Overwound Fiction

The Pie Man's Apprentice

(Written September 2010)

I thought of writing this when I stumbled across a wikipedia article about the urban myth of The Pie Man. It had a cool black and white illustration of the pie man, the kind that had come from some old book of fairy tales. Then I couldn't find the exact article I'd read again anywhere, I thought I'd bookmarked it, but apparently not. Eventually I gave up looking for it and just sat down and wrote this.

The Pie Man's Apprentice

The Pie Man stood at the edge of the street, adjusting the shoulder straps of his tray to prevent them digging hard into his old bones. He lifted the cloth cover and draped it forward over the edge of the uppermost tray, revealing his tasty treats on top, laid out by the dozen.

“Fresh pie, Madam?” he said.

The passing lady-in-blue turned up her nose and swiftly trotted by, dragging her reluctant husband under her arm before his nostrils could catch a whiff of pastry. He’d had quite enough pies, she had apparently decided, and his portly frame need not carry another, lest his braces snap or his heart give out.

“Fresh pie, Sir?” enquired the Pie Man of another passer-by.

The thin gentleman paused for thought.

“What kind of pie?”

“Meat pie, Sir, baked this morning, not an hour ago.” The Pie Man smiled a toothy grin, wide like the twisted, pointy moustache above it.

“Oh, not right now. I haven’t the change,” said the gentleman.

That’s okay, thought the Pie Man, his smile disappearing, the first pie is always the hardest to sell, it was still late morning, and thoughts will soon turn to luncheon.

The Pie Man strolled down the narrow, cobbled street, calling out his wares. He stopped at a black-painted door and rapped his knuckles against the wood. Presently a young housemaid answered, appearing flustered, shouting a ‘something’ about a ‘someone’ over her shoulder to someone else out of sight.

“What do we have here, then?” she said.

“Fresh meat pies, Miss, two-a-penny,” said the Pie Man.

“Oh, go on then, I’m starving, and another may keep his grace’s temper, if my luck’s to change!” She pulled out a purse in which she rummaged for a penny to trade, and the Pie Man handed over two pies wrapped in squares of thick, waxed paper.

Now we’re getting somewhere, thought the Pie Man. The door shut behind him and his bulging eyes gleamed above a knowing grin.

“Excuse me, Gov,” said a small voice. The ragamuffin tugged at the Pie Man’s apron and stopped him in his tracks. “Spare a pie for a pauper?”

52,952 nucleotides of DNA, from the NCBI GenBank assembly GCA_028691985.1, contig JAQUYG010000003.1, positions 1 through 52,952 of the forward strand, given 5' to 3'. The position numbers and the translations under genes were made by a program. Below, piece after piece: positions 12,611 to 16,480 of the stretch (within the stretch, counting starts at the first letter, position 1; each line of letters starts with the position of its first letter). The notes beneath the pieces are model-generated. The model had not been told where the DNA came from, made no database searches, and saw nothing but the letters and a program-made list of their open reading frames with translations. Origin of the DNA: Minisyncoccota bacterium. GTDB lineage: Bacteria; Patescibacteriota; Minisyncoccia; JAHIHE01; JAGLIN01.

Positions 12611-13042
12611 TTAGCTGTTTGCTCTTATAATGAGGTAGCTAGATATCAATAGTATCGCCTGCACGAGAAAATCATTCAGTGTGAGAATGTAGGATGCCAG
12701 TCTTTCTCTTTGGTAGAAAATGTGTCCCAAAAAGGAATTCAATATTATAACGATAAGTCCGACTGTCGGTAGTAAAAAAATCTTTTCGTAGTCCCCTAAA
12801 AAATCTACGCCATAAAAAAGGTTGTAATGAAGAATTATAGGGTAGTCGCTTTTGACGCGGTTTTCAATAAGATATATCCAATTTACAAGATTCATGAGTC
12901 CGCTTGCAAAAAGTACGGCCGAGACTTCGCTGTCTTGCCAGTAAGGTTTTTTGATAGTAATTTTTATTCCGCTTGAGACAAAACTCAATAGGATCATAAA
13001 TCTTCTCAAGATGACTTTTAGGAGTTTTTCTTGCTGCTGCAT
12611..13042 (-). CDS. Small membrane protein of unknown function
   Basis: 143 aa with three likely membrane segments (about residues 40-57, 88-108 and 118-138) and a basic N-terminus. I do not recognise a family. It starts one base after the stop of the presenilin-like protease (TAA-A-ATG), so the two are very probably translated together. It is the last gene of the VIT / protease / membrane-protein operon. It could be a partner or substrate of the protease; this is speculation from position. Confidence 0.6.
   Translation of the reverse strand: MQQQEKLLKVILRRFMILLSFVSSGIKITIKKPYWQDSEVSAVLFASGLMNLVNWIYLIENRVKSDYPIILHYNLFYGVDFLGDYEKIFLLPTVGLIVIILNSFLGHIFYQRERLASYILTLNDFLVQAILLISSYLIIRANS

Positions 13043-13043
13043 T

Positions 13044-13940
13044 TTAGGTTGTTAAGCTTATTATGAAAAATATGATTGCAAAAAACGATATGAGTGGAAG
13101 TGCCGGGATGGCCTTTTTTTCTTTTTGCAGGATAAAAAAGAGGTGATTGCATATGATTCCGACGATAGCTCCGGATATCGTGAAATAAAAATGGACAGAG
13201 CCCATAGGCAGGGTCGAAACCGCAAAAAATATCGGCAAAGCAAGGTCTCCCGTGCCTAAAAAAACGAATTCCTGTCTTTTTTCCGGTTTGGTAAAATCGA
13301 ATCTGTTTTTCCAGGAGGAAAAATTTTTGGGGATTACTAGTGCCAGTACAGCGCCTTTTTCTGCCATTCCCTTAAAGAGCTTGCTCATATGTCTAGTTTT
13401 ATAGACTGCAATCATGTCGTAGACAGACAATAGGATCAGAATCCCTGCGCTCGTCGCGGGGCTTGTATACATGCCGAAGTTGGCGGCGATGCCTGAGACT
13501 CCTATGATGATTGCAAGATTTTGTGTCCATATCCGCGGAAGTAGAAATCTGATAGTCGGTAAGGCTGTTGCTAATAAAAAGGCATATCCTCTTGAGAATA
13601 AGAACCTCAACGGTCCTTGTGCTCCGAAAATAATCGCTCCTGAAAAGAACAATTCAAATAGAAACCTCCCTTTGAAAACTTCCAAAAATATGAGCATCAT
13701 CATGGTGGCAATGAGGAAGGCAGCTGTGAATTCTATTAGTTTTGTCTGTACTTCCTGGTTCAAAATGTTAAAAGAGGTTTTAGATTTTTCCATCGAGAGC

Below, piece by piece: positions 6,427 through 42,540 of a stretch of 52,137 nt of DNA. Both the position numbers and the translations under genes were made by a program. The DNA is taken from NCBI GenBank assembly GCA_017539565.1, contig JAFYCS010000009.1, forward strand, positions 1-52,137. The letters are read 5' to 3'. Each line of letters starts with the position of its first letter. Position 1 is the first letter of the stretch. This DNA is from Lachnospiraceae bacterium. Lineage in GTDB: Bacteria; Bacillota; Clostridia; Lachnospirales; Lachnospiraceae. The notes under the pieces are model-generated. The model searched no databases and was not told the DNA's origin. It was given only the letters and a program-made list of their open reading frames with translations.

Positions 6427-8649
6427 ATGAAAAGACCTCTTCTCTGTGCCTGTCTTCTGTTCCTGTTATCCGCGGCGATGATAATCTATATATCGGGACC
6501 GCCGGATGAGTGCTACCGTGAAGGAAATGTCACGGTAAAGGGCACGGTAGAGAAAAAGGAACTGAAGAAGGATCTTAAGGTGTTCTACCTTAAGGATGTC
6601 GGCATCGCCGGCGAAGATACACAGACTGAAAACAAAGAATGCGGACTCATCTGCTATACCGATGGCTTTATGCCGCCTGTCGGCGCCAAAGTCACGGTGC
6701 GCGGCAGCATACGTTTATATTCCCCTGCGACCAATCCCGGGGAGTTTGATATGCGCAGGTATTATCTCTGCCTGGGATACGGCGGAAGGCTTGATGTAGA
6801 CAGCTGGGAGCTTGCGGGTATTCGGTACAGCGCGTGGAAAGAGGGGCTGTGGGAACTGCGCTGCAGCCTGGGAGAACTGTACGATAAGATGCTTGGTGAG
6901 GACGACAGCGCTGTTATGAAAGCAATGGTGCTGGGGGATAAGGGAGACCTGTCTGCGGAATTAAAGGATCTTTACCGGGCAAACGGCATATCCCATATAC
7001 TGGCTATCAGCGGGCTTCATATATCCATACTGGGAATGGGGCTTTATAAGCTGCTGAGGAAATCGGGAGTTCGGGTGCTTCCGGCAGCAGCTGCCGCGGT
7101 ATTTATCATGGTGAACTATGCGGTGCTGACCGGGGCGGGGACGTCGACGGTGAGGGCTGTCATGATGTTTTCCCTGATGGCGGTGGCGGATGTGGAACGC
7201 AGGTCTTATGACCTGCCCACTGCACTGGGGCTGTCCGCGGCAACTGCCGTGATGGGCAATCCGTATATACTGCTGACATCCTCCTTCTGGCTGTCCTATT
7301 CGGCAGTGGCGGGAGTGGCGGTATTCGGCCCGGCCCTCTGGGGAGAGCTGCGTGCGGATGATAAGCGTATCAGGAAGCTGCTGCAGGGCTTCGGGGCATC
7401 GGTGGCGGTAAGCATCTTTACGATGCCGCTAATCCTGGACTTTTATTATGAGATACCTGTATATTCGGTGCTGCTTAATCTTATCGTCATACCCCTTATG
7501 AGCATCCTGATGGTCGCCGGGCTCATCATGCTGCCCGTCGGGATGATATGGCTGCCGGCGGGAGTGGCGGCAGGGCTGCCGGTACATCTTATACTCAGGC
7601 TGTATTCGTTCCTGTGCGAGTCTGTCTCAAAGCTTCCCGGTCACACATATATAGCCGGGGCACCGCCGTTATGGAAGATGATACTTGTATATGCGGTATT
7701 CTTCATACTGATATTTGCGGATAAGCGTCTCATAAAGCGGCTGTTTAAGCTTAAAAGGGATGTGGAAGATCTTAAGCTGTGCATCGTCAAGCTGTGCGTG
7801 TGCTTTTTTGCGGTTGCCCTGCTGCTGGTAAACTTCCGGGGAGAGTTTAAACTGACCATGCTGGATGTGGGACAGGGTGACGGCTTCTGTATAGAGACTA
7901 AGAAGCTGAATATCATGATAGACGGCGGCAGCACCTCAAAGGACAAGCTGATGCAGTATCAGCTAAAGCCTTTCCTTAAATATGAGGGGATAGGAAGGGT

The Pie Man sneered and raised his hand.

“Awright, awright,” the boy cried, retreating rapidly, “only asking! Blimey, some people…”

Trade gradually picked up and, within an hour at most, the Pie Man had sold all his pies. He returned the trays to the bakery, where he was greeted by Mr Brown the baker.

“Business is good, I see,” said Mr Brown.

“Yes, quite fine,” said the Pie Man. “I shall want to double my order for tomorrow, I think.”

“Alright, well, I shall need more meat, there’s precious little left of the last delivery.”

“Then I shall see to it that another delivery is made. It will be left in the locker behind the shop as before, ready for you in the morning, and I will return at the same time tomorrow to collect the pies. All good?”

“Very well, I’ll see you then.”

Late that night the Pie Man prowled the back streets, the narrow passages, under bridges, the dark places, and the hidden places, where things were lost and things could be found. And in these places he would find the homeless, and the hungry, the destitute that could so easily be led astray on the promise of a shiny penny, or the prospect of a free meal.

“Come lad, this way, it’s down here,” said the Pie Man. A small boy, a nervous little wretch, shivered in the cold, and followed the Pie Man down the unlit alleyway. “It’s just through here.” The Pie Man ushered the boy ahead of him, but this alley was a dead end. The boy froze, confused, and scared. The Pie Man twisted the moustache above his wide grin, and struck the poor lad down.

He had thought he was alone, as he prepared his package of meat for delivery to the baker, but the dark places have many eyes, and many tongues. Unseen by the Pie Man, hidden in shadow blacker than coal, was another boy. A more streetwise ragamuffin than the poor soul who had just met his end. He sat in silence; teeth clamping tongue; and watched the Pie Man perform his butchery.